More recently, it has become apparent that the onset of type 1 diabetes may not be solely a consequence of irreversible β-cell death. Loss of insulin production more likely results from a combination of β-cell destruction alongside partially reversible loss of β-cell function caused by inflammatory cytokines. In support of this notion, studies of human pancreata suggest that small numbers of insulin-positive β-cells are present in many patients with established type 1 diabetes, suggesting that β-cells can survive but are not able to secrete sufficient insulin to overcome hyperglycemia. In addition, some recent immune intervention trials observed rapid recovery of β-cell function that was too rapid to be explained by β-cell replication or neogenesis. For example, Couri et al. (46
) achieved at least temporary insulin independence and increased C-peptide in most type 1 diabetic patients who were treated with a nonmyeloablative bone marrow transplant after strong immunosuppression. Thus, aborting the inflammatory and autoreactive response in conjunction with relieving metabolic stress might be sufficient to restore function in surviving β-cells. Crucial aspects that need to be studied in the future include determining the frequency of metabolically inactive surviving β-cells and identifying the pathways within β-cells that are affected by inflammatory immune mediators in conjunction with metabolic stress.
This is a significant issue, because mature β-cells have very little ability to proliferate and make up for the loss caused by an autoimmune insult. Specifically, although β-cell proliferation is readily detectable in children, new evidence suggests the proliferative capacity is already markedly reduced during early adolescence (47
). This reduction is partly due to the increased expression of the cyclin-dependent kinase inhibitor p16 in aging β-cells that is partly mediated by components of the polycomb group of histone methyltransferases (48
). Thus, even when the immune insult is blocked, it may be critical to develop approaches to induce the proliferation of remaining β-cells in older patients with long-standing type 1 diabetes to restore normoglycemia.
That said, recent studies have suggested that new β-cells can be generated from progenitor tissue. Indeed, studies in mice that have undergone pancreatic injury have demonstrated that other cell types, including duct or duct-associated cells, can reactivate the endocrine program and generate insulin-producing cells (50
). Recent efforts also suggest that the immune system itself may be important in this regeneration process. Thus, future studies will have to address whether the β-cells found in patients with long-standing type 1 diabetes are derived from the few surviving β-cells that have escaped the immune insult or whether they have formed by neogenesis from a non–β-cell population. Importantly, understanding the origin of the β-cells present in type 1 diabetic patients might influence the choice of immune regulatory drug therapies to maximize islet regeneration and increase β-cell mass, while at the same time halting the immune assault.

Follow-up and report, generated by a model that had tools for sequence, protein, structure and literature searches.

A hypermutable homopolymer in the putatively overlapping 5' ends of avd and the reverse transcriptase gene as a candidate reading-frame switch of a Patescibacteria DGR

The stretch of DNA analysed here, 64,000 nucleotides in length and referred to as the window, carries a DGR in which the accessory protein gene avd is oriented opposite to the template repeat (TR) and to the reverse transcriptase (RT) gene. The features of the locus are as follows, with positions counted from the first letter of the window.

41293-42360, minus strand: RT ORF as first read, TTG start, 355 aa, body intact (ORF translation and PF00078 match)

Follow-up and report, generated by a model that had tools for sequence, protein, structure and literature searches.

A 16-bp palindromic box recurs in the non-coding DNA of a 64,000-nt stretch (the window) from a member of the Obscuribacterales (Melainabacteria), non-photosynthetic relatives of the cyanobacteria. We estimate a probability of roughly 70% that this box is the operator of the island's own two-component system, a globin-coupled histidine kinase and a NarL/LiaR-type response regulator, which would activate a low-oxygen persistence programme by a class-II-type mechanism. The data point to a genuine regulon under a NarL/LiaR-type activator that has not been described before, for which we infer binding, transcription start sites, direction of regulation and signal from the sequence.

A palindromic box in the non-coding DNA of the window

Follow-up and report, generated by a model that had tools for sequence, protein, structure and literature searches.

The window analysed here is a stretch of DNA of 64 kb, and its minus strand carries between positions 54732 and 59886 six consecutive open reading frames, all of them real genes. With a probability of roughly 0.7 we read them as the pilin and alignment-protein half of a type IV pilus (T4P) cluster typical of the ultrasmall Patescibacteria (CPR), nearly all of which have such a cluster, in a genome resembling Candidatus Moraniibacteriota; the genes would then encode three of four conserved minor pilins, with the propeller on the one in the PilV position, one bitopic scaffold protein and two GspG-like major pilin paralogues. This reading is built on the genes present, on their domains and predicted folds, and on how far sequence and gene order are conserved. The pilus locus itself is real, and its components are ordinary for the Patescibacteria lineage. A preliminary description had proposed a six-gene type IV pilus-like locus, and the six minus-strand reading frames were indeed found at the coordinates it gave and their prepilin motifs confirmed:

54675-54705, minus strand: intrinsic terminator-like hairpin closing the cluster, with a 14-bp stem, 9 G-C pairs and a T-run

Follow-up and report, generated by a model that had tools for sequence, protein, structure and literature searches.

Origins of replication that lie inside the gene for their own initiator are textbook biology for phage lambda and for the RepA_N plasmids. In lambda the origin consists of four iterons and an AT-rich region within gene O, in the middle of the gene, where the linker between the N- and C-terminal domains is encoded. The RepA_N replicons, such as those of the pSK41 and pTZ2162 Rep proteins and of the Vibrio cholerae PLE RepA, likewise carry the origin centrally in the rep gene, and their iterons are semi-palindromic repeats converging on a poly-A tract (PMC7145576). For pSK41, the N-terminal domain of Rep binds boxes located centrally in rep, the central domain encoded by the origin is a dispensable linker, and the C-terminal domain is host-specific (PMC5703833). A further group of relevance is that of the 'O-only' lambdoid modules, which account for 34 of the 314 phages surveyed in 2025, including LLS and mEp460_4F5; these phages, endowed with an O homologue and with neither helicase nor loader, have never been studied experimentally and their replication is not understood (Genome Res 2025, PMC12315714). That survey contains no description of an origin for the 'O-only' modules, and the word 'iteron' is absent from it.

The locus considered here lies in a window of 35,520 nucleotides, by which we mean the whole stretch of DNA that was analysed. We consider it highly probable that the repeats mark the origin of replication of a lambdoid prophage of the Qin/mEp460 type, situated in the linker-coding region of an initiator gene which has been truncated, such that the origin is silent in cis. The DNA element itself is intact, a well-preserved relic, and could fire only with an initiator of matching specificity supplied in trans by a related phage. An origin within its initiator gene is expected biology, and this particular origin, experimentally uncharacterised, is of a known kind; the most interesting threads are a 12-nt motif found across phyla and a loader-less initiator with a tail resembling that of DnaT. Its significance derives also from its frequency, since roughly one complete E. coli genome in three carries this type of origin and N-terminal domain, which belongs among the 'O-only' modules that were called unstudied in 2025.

Finally, it is likely that physiologic changes of β-cells in response to autoimmunity or unknown environmental factors may be critical to perpetuating islet autoimmunity. Studies of pancreatic sections from patients with both new-onset and a subset of patients with long-term type 1 diabetes reveal β-cell destruction in a lobular pattern, with some regions of the pancreas where all islets contain β-cells, whereas in other regions, all β-cells have been destroyed. As the number of whole pancreata from deceased donors with type 1 diabetes become more readily available, such as those in the Juvenile Diabetes Research Foundation (JDRF) Network for Pancreatic Donors with Diabetes (nPOD) resource (histology available online for research viewing at www.jdrfnpod.org
), it is becoming clear that the degree of insulitis of most patients with type 1 diabetes is not only lobular but is also much less than that present in the NOD mouse or the BB rat animal models. This may relate to the usual very slow progression of β-cell loss in humans, occurring over years.
The nPOD resource also highlights the existence of heterogeneity of pancreatic pathology for patients who were diagnosed with type 1 diabetes. A subset of the pancreata from patients lacking islet autoantibodies or high-risk HLA have no pseudoatrophic islets (islets lacking all β-cells, typically associated with type 1A diabetes) but rather have decreased numbers of β-cells per islet rather than increased islets lacking all β-cells (51
). Both for humans (of pancreata with pseudoatrophic islets) and the NOD mouse, the surviving β-cells are not normal and hyperexpress MHC class I alleles and the survivin molecule. In addition, hyperexpression of MHC class I alleles is seen in a lobular fashion up to 8 years after diagnosis, independently of islet infiltration (51
). Unfortunately, the specific initiators of increased expression of MHC class I molecules on β-cells are not yet clear (see our earlier discussion).